Volume 11 | Issue 3 | Year 2008

Management suites across the globe today have begun shouting to the rafters that “innovators win!” Yet for most firms, no road map exists to direct them toward consistently successful innovation, including how to achieve it or how to implement it. Nonetheless, attaining innovation that works again and again is possible. By challenging outdated assumptions and then adopting an “innovation architecture,” you can “chart out” what you need to do around the three most critical dimensions of innovation – the “what,” the “who” and the “how.”
A simple way to organize thinking and actions about innovation is by asking three key questions:
What is the purpose of innovation?
Who should be responsible for innovation?
How do you innovate?

In terms of the first question, studies of innovation conducted by the Doblin Group and IBM Consulting have found that the majority of companies focus their efforts on product and service development. However, the study also found that “business model innovation” nets a disproportionally higher return.

For example, the Boeing Sonic Cruiser, a great technological innovation, lost out to competitors with better business models. Unveiled in 2001, this new aircraft was designed to cut transatlantic flight time from 7 hours to 5½ hours – a substantial improvement. However, to save the hour and a half of flying time, Sonic Cruiser passengers would have had to pay an estimated $10,000, compared to $5,000 for a first class ticket on other flights. And total travel time from downtown London to downtown New York would only have been reduced from 12 hours to 10½ hours.

A surprise competitor then entered the market in the form of semi-private timeshare jets. These focused on reducing on-the-ground time by flying from London’s Northolt to Teterboro, New Jersey, which avoided the many delays associated with commercial flights using big airports. Total travel time reduced to nine hours at a per passenger cost of just $7,500. Boeing ended up shelving its technological marvel while the time-shared jets – the business model innovators – took off.

Besides R&D, who else should be involved in innovation? The answer is two-fold: most functions, levels, business units, and geographies within a company have an important role to play as well as outsiders such as suppliers to the company should be involved as well.

Cemex, the global, Mexico-based cement and building-solutions company, takes this broad involvement concept to heart. More than 3,500 employees have submitted in excess of 6,300 proposals to its Web enabled data bank. In addition, the company holds nine innovation days each year, and for each event, the hosting VP invites everyone in his/her unit to participate. During such an event, hundreds of ideas are generated and the successful innovators are honored with company-wide recognition. Its innovation program has transformed Cemex from a commodity material supplier to a value-added solution provider, generating growth rates, gross margins and returns on equity that are unparalleled in the cement business worldwide.

A systematic innovation process sounds like an oxymoron. After all, if it’s systematic, how can it possibly be innovative? Yet this is another obsolete belief. A recent survey of ours has found that firms with an established innovation process in place “out innovate” others in their industry. One participant wrote: “An innovation process is critical to bringing structure to a fundamentally unstructured activity…Without a process to bring order to the chaos this money is wasted.”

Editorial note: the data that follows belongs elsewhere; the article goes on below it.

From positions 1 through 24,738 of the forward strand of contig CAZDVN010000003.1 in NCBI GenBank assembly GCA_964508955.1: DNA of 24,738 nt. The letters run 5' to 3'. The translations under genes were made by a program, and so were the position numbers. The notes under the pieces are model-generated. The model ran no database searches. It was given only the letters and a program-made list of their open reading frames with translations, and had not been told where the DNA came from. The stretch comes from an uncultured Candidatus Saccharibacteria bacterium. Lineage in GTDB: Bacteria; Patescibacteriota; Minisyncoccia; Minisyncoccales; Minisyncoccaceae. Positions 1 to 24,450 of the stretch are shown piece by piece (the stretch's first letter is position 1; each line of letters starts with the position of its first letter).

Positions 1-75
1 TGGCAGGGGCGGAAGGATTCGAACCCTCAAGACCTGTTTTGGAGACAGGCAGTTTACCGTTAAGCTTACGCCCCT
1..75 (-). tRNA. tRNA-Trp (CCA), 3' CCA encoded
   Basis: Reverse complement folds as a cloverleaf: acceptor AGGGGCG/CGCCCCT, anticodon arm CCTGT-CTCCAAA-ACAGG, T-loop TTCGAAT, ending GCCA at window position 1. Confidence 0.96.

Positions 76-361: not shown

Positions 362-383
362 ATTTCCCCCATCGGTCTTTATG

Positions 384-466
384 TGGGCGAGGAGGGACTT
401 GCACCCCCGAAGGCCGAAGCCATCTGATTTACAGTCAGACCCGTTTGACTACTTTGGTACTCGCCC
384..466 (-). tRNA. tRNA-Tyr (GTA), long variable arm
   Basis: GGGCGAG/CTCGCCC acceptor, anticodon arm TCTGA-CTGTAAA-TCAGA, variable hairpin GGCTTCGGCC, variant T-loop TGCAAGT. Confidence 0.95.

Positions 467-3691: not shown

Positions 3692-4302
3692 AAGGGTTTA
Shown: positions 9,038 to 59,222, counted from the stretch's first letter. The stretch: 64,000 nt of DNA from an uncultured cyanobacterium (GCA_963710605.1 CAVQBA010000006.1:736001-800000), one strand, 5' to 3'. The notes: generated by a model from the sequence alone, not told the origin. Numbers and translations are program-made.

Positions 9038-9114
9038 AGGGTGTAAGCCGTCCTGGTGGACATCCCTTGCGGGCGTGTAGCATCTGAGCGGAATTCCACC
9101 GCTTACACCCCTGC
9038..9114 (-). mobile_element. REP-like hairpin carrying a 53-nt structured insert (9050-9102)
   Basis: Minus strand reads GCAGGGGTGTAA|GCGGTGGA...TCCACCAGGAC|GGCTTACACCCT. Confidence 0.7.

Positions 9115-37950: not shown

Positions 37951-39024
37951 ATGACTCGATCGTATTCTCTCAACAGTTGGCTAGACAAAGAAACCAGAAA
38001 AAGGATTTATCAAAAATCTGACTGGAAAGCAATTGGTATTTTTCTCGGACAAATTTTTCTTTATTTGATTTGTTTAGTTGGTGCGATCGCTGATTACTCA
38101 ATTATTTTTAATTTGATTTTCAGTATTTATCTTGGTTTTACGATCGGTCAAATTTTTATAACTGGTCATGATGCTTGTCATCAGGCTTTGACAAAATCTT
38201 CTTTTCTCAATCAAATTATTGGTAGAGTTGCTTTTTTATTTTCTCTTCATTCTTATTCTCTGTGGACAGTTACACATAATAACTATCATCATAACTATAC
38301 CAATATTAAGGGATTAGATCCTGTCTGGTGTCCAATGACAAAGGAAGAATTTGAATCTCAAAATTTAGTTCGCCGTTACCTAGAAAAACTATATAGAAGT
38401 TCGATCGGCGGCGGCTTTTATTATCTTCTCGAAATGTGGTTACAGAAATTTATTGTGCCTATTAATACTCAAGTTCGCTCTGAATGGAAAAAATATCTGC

That innovation is an unavoidable imperative is no longer in doubt. That innovation can be achieved by any company that sets its mind to it has been proven. That innovation can be continuously successfully by firms that implement a systematic innovation process has been demonstrated as well. The key issue is simply to figure out how to get such an effective innovation effort started.

Using innovation architecture to organize your innovation efforts is your first step. Determining who should be involved is a close second step, erring on the side of broad engagement since imagination and creativity are always randomly distributed. Train the team you have assembled in the what (business model) and the how (systematic innovation process), freeing up enough of their time so they can be effective, and warning them of the pitfalls they are likely to encounter.

Next, send members of your team off on their discovery mission. Ask them to address questions that typical planning or innovation processes don’t address: What outdated assumptions about our business might we consider overturning? What unarticulated needs are currently held by our customers, and as important, our non-customers? What discontinuous changes in the environment may be about to occur that we might capitalize upon? What true core competencies does our company possess that may be leverage-able in different ways?

And once your team comes back to you with answers to these questions, next have them generate ideas that will capitalize on these insights. Finally, get and stay involved in the process as a coach, resource and sounding board – but not as a traditional reviewer or a doubting Thomas. Based on our firm’s experience with our clients, by following these procedures, you will be pleasantly surprised by their ultimate results.

Pierre Loewe (ploewe@strategos.com) and George Chen (gchen@strategos.com) are Directors at Strategos, a Chicago-based global strategic innovation firm. Loewe is a founding member of Strategos and focuses on identifying new opportunities and developing breakthrough strategies for clients. Chen is passionate about nurturing emerging businesses within emerged enterprises.